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NDSCS official accused of harassing, bullying staff

commissioner tony grindberg
Tony Grindberg
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FARGO — The vice president of workforce affairs for the North Dakota State College of Science was at the center of harassment and bullying allegations from college staff, including a claim he threatened to fire one staff member if another subordinate didn’t retire.

Tony Grindberg, who's also a Fargo city commissioner, was accused in early 2018 of violating the school’s code of conduct and harassment policies, according to documents obtained Friday, May 3. The school only investigated one grievance amid the list of allegations, saying almost all the claims were not specific to the person who filed the complaint or occurred beyond the timeline that staff have to report incidents, Human Resources Executive Director Sandi Gilbertson wrote in a Feb. 1, 2018, letter.

The one grievance that was investigated focused on a Jan. 5, 2018, meeting in which then-TrainND Southeast Director Joe Schreiner claimed Grindberg intimidated him in front of Gilbertson. This “did not constitute an aggressive or intimidating act,” Gilbertson wrote.

The complaint filed by Schreiner details several incidents in which Grindberg, who is Schreiner’s supervisor, allegedly bullied, harassed, intimidated or threatened TrainND employees. Grindberg, who's been a vice president for three years, allegedly told his former ApprenticeshipND manager, Russell Karlgaard, to retire by May 1, 2017, or Grindberg would fire a fellow employee, Schreiner wrote in his complaint.

“This clearly was a bullying tactic,” Schreiner wrote.

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Karlgaard applied for early retirement, with his last day approved for May 1, 2017, according to documents obtained through a public records request.

“I feel that it may be beneficial to the Workforce Affairs Division and the college in this time of fiscal uncertainty for me to consider an early retirement,” Karlgaard wrote in a Feb. 10, 2017, letter to John Richman, president of NDSCS, which has campuses in Wahpeton and Fargo.

Forum News Service could not reach Karlgaard for comment.

Grindberg said Friday he would not comment on the allegations, adding that they were “researched, reviewed and closed.” When asked about the Karlgaard claim, the oldest of the grievances in Schreiner's complaint, Grindberg said he would rather not comment on personnel matters but indicated budgeting played a role in the matter.

"It was part of the restructuring to figure out how to stop the financial losses," he said.

The complaint also detailed alleged instances of Grindberg verbally abusing Workforce Affairs employees and making them cry. He also reportedly made an employee and Schreiner feel uncomfortable after asking the employee twice if he or she liked him — the second time he allegedly leaned in and looked directly into the employee’s eyes.

Most of the alleged acts in Schreiner's complaint took place in 2017. More recently, Schreiner asked Gilbertson to sit in on a Jan. 5, 2018, meeting with Grindberg to address concerns from Schreiner.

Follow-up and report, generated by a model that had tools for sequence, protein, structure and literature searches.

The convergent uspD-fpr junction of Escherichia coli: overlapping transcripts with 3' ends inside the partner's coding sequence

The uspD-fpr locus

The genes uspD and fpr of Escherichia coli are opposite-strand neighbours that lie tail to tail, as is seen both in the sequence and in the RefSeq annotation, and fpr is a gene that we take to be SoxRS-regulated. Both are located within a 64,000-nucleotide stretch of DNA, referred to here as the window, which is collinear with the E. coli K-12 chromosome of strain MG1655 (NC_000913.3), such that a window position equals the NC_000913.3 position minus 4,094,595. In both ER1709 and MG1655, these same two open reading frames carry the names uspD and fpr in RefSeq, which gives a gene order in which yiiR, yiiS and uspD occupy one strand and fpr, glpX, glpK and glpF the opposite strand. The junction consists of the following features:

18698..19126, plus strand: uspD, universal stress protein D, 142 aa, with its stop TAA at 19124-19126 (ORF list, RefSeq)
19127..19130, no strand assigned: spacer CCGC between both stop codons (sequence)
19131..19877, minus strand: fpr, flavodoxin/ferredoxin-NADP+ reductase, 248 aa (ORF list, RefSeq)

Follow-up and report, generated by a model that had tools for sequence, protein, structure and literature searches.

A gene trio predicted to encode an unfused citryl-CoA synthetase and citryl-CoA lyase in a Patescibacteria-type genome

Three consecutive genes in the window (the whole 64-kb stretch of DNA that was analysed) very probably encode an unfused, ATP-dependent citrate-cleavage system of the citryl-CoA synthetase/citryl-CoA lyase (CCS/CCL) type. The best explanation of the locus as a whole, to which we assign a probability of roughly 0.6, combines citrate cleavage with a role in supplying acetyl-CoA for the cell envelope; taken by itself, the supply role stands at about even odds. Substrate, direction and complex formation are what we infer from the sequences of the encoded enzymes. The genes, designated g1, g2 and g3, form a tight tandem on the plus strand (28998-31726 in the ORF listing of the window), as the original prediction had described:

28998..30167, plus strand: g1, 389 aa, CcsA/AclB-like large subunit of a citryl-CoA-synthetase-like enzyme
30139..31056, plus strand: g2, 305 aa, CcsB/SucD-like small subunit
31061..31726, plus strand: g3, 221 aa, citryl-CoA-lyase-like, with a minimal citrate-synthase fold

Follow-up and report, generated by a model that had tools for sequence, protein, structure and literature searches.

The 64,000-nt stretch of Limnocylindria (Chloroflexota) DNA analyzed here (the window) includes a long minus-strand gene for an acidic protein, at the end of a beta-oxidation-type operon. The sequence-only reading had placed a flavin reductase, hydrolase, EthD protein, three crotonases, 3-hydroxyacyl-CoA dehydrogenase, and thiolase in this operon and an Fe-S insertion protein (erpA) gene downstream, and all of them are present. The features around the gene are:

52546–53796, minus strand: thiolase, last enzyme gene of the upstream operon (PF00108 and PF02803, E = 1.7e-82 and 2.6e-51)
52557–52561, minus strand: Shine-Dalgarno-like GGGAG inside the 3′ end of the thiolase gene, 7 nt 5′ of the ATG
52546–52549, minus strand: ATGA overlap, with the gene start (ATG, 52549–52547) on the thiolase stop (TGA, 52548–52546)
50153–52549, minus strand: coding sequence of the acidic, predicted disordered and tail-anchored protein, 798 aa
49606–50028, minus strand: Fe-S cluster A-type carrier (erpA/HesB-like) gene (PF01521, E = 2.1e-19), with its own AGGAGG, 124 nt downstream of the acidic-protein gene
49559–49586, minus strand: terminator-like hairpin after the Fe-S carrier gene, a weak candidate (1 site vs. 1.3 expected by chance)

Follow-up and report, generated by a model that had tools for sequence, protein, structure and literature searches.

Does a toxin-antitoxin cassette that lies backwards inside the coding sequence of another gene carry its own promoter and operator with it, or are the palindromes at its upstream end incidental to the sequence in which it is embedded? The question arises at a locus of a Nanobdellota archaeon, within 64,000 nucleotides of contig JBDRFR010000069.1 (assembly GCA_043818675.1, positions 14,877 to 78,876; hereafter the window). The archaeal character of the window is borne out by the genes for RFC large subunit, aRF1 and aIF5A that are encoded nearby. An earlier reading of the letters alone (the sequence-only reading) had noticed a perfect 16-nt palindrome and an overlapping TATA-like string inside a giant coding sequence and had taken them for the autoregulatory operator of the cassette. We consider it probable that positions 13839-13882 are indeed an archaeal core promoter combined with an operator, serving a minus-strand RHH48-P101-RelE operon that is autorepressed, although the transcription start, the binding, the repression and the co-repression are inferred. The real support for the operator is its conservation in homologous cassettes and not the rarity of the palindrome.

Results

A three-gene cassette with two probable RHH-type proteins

Schreiner said some campus employees complained the Division of Workforce Affairs was paying Grindberg to raise money for the career workforce academy. Using local and state funds to raise money for the academy “may be a violation of the State Board of Higher Education’s directive,” according to an audit that found Grindberg failed to disclose potential conflicts of interest and NDSCS management tried to hide information that could lead the state auditor to draw that conclusion.

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Grindberg leaned in toward Schreiner and asked, “And just what did you say to that employee as his supervisor?” with a loud voice, repeated the question and walked out before Schreiner could answer, according to Schreiner.

“I took it as an act of intimidation,” Schreiner said Friday. “I took it as an act of aggression, but I guess upper management thought differently.”

Gilbertson suggested a meeting between Richman, Grindberg and Schreiner after issuing her decision so they could mediate the concerns and make sure the working relationship was productive moving forward.

Gilbertson said she could not discuss the details of the meeting since it dealt with a personnel matter. She said the college handled the concerns in accordance with institutional policies. “We did everything we could for the parties involved,” she said.

Schreiner, whose title was changed last year to customized training manager amid restructuring, disagreed that the administration handled the situation well. He said he felt he got little support from anybody in the latter part of the process.

Grindberg pointed to his recent job review in which he received favorable marks from peers at the college. “It really reflects who Tony Grindberg really is,” he said of the review, adding that it demonstrates that morale is great in his department.

President Richman said Grindberg has been instrumental in improvements made within the Workforce Affairs Division and the academy. The college has work to do in advancing both aspects, Richman said, but he feels it is headed in the right direction.

“The evidence that I have, we are on a very good path,” he said.

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